Though the success of the computer animated Pixar films have eclipsed the box office of all recent traditionally animated Disney films, seeing the company abandon the method of creation, which has kept their name on the map, is disappointing. The idea that traditional animation is no longer appealing to audiences is a false truth, even though the box office take of computer animated films has completely trounced upon the fortunes of cell animation. Audiences haven't forsaken hand-drawn animation. They've only made it clear that well-made films, whether they are hand-drawn animation or computer-generated images, result in critical acclaim and large box office success.

Pixar's films have simply had more "magic" than the most recent stories Disney has created for hand-drawn animation. Create a film of the caliber of The Lion King and audiences will flock to the theaters. Create a film like Cinderella II: Dreams Come True, and audiences will shun the product. Brother Bear is a step in a very encouraging direction, and even though the requisite message is hammered through just a little strong, the movie still contains a lovely story and some quite hilarious comedy. Rick Moranis and Dave Thomas are really the standout vocal performances as the noodle-headed Canadian moose duo "Rutt" and "Tuke" and whenever those characters appear on screen, laughter will be heard throughout the audience.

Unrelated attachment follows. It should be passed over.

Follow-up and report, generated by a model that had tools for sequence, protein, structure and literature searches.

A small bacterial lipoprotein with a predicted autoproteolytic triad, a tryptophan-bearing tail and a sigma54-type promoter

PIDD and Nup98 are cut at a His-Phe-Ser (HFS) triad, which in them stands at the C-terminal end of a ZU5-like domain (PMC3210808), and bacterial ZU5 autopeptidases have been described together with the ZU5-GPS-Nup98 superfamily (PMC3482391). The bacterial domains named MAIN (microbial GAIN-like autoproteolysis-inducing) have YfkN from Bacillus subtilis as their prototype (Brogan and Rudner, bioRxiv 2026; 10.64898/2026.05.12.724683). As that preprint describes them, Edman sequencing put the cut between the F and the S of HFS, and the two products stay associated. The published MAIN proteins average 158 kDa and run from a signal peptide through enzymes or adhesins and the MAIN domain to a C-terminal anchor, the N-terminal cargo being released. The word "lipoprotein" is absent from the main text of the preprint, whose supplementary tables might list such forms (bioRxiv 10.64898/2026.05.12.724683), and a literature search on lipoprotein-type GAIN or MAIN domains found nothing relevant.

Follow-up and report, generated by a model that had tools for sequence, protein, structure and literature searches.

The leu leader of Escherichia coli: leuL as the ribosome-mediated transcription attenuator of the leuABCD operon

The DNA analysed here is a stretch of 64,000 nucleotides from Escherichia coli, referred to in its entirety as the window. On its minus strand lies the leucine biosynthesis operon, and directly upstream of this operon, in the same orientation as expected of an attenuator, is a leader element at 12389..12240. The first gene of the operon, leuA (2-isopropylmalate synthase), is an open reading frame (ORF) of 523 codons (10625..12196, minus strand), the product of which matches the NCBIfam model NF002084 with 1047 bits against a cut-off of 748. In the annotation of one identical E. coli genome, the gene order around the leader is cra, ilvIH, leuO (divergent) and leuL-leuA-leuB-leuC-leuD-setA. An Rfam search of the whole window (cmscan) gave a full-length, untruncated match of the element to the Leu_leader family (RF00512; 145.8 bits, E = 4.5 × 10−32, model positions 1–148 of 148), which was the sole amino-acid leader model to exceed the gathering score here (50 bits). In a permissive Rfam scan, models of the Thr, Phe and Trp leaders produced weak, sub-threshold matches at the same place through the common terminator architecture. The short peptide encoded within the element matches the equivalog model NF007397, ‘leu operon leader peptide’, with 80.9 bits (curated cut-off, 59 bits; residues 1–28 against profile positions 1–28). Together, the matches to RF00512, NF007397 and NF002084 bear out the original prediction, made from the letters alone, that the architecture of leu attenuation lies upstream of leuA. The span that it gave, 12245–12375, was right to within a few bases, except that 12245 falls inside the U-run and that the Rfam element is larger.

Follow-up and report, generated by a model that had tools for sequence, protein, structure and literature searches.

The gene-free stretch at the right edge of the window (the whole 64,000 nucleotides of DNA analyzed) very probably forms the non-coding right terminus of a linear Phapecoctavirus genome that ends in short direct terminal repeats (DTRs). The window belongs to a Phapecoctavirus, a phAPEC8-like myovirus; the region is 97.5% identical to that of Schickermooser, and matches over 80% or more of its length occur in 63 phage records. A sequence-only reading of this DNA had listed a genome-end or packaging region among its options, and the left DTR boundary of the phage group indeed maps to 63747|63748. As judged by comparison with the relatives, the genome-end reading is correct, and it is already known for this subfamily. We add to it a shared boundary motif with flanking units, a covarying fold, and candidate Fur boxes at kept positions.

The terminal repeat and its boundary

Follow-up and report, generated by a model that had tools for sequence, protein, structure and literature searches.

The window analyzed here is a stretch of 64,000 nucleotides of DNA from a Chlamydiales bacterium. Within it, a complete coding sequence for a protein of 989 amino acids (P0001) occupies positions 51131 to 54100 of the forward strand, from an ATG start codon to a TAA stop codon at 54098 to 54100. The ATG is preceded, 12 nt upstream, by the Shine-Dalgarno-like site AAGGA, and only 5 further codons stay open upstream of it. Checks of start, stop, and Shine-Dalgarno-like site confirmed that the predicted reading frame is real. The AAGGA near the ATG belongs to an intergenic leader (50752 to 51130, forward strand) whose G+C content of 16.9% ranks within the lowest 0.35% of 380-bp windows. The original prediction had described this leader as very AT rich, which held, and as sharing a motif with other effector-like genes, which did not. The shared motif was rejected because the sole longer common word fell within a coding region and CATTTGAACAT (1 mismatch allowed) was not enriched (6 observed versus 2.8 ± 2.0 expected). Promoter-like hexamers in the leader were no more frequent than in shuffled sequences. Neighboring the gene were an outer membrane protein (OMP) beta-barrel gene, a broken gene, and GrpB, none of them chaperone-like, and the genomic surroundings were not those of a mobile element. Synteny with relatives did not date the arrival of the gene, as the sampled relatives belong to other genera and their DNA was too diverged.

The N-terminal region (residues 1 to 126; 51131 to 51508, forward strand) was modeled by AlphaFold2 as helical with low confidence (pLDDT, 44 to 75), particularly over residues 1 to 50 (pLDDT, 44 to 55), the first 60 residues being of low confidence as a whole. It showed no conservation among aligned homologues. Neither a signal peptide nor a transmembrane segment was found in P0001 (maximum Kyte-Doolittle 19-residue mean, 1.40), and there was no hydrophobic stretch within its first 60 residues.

As main character "Kenai," Joaquin Phoenix makes an affecting appearance in animated form and Jeremy Suarez, playing "Koda," seems to have vocal talent as well. "Acting" in an animated feature is obviously a different task from performing in front of a camera and each of the actors in Brother Bear seems to have a talent for infusing life into their two-dimensional characters. The film is beautiful to behold and when Phil Collins isn't singing, it's both heartwarming and entertaining to listen to and is a step in a very good direction for the animators at Disney.

Review by Kelsey Wyatt.